Ottawa singer-songwriter Ana Miura performs during the 11th annual Ottawa Regional Cancer Foundation Telethon yesterday. Miura presented the foundation with a $10,430 cheque.


Marlene Bogart has been cancer free for 10 years, but she has not left the disease behind.


After winning her own battle with breast cancer, Bogart felt the need to help others. She started volunteering at the Ottawa Regional Cancer Foundation (ORCF), raising money to buy a chemo chair, to make patients a little more comfortable during therapy. Three years ago, she spent five months caring for a neighbour who was dying of cancer.


“I just feel like giving back for all the great service and care I received,” she said. “It’s so hard for people who have to go through it on their own. I have a soft spot for them.”


Yesterday, Bogart was at the St. Laurent Centre to help collect a record $6.061 million in donations during the 11th annual ORCF Telethon, televised on A-Channel.


“Over the course of the telethon we’ve been able to raise more and more as it’s grown,” said ORCF president, Linda Eagen. “You never know what you’ll collect over the phones. It always amazes me.”


On top of phone pledges, hundreds of events that happen throughout the year also raise funds, according to Eagen.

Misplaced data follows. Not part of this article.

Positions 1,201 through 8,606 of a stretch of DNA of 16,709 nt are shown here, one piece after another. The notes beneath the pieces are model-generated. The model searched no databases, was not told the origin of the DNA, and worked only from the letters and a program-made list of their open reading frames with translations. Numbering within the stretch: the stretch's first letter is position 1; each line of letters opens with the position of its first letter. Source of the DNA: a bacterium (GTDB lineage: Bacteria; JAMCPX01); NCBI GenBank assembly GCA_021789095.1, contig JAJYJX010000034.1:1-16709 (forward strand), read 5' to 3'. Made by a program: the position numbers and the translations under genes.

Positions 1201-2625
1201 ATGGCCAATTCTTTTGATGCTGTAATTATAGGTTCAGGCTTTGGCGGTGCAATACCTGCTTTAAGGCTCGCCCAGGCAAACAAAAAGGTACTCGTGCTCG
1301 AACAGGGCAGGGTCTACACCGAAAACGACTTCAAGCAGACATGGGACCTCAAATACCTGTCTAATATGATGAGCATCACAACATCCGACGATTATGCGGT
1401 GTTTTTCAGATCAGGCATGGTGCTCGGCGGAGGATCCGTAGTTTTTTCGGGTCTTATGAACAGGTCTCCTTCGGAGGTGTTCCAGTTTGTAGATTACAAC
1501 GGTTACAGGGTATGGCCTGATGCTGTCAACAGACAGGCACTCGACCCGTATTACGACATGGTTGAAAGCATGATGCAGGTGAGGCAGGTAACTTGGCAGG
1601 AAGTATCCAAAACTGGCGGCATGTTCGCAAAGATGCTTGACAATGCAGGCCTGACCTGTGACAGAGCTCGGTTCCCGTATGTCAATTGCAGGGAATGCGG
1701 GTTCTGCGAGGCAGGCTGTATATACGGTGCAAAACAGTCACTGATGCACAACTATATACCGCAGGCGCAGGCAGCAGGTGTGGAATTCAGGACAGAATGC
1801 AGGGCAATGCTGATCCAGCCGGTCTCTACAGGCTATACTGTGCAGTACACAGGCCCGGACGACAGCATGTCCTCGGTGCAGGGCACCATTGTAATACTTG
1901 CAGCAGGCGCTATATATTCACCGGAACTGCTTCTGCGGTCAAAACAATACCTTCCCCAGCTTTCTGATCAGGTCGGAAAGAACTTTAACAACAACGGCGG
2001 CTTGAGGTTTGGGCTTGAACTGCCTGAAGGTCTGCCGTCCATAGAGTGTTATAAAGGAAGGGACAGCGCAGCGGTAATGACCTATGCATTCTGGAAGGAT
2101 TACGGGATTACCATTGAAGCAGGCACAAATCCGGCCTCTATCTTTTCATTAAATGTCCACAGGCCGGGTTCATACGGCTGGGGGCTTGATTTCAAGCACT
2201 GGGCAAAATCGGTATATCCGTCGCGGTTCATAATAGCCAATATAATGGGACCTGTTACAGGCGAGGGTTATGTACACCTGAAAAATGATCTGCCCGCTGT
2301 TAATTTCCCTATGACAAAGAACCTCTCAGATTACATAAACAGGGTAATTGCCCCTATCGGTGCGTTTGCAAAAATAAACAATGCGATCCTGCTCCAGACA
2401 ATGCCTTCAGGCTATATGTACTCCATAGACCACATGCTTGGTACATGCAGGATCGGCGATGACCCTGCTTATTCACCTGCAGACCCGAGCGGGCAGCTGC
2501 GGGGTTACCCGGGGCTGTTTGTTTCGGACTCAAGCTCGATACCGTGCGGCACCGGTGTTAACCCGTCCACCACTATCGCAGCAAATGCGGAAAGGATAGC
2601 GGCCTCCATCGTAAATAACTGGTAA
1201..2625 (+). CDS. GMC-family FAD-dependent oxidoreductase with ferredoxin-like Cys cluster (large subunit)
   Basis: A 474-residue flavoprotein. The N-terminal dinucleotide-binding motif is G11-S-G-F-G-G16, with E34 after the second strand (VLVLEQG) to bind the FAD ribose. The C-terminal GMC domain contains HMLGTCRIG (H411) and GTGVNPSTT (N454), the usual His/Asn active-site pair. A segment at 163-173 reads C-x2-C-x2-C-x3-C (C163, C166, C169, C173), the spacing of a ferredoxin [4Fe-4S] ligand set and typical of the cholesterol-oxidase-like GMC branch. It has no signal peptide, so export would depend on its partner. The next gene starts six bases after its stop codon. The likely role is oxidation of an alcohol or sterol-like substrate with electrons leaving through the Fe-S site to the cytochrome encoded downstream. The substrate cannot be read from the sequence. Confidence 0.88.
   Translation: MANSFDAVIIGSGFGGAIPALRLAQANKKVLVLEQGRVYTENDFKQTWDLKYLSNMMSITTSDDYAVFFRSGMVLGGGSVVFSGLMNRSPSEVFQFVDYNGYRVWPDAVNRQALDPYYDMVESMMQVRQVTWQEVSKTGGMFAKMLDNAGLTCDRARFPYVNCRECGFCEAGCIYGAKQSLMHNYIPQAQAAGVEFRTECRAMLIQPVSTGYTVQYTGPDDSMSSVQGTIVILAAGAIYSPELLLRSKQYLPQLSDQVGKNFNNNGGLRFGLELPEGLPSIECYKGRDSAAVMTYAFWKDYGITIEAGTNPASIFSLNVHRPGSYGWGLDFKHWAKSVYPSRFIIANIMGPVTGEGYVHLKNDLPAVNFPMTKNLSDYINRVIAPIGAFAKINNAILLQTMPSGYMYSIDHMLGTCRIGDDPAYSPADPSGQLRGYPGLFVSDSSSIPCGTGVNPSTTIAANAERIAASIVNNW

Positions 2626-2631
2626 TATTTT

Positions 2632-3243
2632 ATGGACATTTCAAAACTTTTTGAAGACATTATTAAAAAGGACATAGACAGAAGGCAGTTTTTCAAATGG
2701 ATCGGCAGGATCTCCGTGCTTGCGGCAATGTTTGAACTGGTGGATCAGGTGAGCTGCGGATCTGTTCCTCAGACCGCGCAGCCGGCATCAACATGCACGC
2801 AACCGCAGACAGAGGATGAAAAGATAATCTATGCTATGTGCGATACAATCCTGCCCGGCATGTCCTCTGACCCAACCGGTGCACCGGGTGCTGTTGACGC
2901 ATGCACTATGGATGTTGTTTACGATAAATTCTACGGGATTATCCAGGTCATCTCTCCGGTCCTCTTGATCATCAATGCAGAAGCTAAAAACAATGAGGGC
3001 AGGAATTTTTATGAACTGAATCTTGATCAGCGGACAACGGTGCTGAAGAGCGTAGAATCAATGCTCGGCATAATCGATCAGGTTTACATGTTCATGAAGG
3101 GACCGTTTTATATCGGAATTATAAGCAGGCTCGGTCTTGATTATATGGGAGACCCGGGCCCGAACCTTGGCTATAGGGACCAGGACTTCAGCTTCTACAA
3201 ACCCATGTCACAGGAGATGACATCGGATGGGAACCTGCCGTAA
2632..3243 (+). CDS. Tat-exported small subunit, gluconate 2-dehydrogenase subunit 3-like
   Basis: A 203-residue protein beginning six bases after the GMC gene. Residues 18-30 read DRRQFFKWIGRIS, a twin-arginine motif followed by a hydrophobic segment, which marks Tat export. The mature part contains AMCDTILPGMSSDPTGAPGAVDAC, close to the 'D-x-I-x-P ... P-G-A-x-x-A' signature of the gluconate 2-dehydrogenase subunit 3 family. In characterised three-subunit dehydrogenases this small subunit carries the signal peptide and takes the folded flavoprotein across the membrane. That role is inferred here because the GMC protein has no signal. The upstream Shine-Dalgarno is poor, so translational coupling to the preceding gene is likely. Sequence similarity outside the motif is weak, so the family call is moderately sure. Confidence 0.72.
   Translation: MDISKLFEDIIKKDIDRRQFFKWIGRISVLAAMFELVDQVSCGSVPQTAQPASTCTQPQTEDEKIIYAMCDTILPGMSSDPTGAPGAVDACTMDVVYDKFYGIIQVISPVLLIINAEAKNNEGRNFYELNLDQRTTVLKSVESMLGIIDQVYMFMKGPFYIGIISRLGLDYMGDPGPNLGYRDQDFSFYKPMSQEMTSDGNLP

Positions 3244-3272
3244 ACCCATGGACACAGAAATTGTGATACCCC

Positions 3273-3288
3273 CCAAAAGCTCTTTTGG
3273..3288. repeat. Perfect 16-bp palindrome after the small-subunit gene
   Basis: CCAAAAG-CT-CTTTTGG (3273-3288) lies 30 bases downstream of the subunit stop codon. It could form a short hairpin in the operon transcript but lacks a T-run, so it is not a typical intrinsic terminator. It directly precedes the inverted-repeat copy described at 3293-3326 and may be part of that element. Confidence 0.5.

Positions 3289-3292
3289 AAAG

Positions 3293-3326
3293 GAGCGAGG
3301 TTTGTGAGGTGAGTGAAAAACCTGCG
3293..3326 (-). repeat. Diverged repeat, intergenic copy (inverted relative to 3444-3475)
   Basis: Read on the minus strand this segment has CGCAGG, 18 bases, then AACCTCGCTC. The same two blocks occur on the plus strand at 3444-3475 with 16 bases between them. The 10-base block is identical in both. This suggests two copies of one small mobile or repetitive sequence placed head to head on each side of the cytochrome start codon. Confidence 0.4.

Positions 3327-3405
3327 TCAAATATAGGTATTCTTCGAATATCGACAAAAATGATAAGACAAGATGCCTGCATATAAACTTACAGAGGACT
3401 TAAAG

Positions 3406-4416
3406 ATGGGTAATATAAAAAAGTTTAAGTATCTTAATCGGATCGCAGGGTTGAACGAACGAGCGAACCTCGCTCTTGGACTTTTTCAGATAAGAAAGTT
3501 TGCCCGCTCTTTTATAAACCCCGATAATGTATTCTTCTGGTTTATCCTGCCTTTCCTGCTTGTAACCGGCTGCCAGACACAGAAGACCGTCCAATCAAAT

The telethon is a way of celebrating and thanking the army of people who organized those fundraisers.


“This is also one more opportunity for people to make a contribution if they haven’t already and it allows us to educate people about cancer, the research we are doing, and the care we provide,” she said.


The seven-hour event featured dancers, singers and entertainers, community groups presenting their fundraising totals, and volunteers taking telephone pledges.


“This year will be a banner year for cancer research,” said Dr. Mike McBurney, ORCC director of research.


Many research projects initiated in Ottawa that have taken years, even decades, of research will be undergoing their first human trials in 2008. Some trials are a combination of drug treatments and some have to do with modified viruses.


“We’re the leaders as far that the projects are concerned,” said McBurney.